When it came to gauging feedback on her debut feature, Rebecca Ugo didn’t need any focus groups or theatrical test screenings. She went straight to the target demographic.
The Little Elm filmmaker shared No Strings virtually with teenage audiences who responded to its story of a child trafficking victim struggling years later to find romance because of her residual trauma.
“Being able to watch them was the best moment, seeing how they were inspired,” Ugo said. “They said they felt connected to this character. That’s why I’m doing this, to impact these kids. I want to show it to as many people as possible.”
Ugo will have that opportunity beginning this weekend, when her micro-budget drama will open with a red-carpet premiere event on Friday at the Galaxy Grandscape theater in The Colony. It will have more public screenings through the weekend.
Ugo, 23, also is using the project to launch DEEP, a brand aimed at empowering and impacting Generation Z with through stories on multiple platforms, with diversity at the forefront. She also hopes to find and nurture talent in the entertainment industry, especially behind the camera.
“For a lot of young people, entertainment is how they get their identity,” Ugo said. “I don’t want the brand to be shallow or just make content to grab attention. We want to be diverse. We really have a lot of goals and a lot of stories to tell.”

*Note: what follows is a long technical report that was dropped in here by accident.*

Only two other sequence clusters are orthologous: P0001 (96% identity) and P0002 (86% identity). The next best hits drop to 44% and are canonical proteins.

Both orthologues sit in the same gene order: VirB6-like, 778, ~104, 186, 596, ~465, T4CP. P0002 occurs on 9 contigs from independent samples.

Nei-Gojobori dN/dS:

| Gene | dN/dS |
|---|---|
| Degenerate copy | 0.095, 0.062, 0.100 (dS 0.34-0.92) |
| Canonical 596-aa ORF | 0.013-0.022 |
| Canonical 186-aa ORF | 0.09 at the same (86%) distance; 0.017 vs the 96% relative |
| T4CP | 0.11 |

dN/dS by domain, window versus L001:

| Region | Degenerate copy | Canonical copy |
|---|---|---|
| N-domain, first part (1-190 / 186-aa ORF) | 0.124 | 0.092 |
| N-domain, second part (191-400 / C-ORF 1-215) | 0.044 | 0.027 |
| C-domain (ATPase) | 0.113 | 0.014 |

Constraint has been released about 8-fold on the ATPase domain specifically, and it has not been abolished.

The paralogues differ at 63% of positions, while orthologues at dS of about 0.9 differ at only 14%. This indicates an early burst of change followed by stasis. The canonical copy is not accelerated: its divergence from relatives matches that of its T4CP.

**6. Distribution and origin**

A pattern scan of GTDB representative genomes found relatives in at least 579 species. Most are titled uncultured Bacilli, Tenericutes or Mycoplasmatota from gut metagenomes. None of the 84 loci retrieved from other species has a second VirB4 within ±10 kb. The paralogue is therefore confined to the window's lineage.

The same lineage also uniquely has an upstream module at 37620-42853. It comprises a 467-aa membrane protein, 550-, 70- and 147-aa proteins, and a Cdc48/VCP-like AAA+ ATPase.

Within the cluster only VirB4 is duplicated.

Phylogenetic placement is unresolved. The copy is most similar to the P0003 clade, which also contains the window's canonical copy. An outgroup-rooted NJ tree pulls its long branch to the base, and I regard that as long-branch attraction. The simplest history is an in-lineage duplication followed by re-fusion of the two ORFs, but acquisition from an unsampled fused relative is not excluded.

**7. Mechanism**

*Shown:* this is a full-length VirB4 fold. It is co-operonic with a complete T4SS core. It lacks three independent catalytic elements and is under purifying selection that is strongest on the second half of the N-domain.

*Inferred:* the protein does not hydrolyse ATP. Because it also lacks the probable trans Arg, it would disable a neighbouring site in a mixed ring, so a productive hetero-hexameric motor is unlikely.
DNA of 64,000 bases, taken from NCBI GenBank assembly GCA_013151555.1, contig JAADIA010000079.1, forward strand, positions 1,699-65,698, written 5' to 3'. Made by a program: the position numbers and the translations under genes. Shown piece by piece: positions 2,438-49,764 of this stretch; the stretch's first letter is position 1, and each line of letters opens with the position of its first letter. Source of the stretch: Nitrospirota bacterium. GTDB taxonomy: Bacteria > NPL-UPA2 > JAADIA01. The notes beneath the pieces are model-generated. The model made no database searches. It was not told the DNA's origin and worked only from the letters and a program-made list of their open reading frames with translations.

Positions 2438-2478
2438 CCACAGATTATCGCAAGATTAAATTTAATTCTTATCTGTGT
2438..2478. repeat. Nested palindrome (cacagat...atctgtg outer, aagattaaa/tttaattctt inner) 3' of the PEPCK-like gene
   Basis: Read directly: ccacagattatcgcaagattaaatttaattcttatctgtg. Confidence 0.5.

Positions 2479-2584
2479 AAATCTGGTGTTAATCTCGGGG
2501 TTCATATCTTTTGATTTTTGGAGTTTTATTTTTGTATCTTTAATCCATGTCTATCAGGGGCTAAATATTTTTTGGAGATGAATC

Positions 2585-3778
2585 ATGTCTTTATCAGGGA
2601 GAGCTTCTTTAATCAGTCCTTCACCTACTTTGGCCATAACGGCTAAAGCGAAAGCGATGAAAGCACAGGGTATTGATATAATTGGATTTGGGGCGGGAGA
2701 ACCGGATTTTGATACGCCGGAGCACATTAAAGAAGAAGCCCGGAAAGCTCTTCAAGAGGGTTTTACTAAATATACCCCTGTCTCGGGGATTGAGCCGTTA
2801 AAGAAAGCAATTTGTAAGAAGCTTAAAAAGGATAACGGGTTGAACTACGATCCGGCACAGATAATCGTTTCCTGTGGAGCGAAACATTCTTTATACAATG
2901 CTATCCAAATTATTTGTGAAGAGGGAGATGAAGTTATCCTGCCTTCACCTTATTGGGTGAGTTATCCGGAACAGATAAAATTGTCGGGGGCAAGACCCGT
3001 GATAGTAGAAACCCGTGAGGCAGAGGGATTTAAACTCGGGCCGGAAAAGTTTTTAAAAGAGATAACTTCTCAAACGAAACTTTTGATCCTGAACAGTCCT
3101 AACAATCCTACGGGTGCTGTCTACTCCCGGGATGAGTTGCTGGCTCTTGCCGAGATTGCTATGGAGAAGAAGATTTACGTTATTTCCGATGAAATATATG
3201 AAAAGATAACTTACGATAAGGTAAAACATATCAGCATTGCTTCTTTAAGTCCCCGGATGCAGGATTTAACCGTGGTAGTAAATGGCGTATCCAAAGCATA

Born in Nigeria, Ugo relocated to the Dallas area with her family several years ago. Now an American citizen, she began the project while she was a senior at the University of Texas. Production took place primarily in Austin in 2019.
The film follows Jenny (Racheal Ihim), a student whose tragic past has left her with significant trust issues when it comes to relationships. Her apprehension after meeting a student counselor (Daniel Lopez) turns into a possible path forward.
Ugo’s interest in the topic stems from a childhood friend who struggled to talk about her experiences. She said issues of contemporary teenage mental health are underrepresented.
“A lot of these kids have a lot of shame. They think it’s their fault, and they don’t think they’re good enough to be loved,” Ugo said. “I wanted to present a character who would give these kids someone strong to look up to — someone they could relate to.”
For the lead role, Ugo knew her younger sister Ihim would be perfect. But it took some convincing. Ihim, a student at UT Arlington, had her heart set on a business career.
Once she agreed, Ihim traveled to Austin on weekends for several months to film scenes, then return in time for class on Monday mornings. Now she intends to pursue acting full-time.
“She was making all of these excuses. It was difficult for her, but she did it. This changed the game for her,” Ugo said. “We had very few days, so we filmed for very long hours. It was a lot of hard work, but it was worth it.”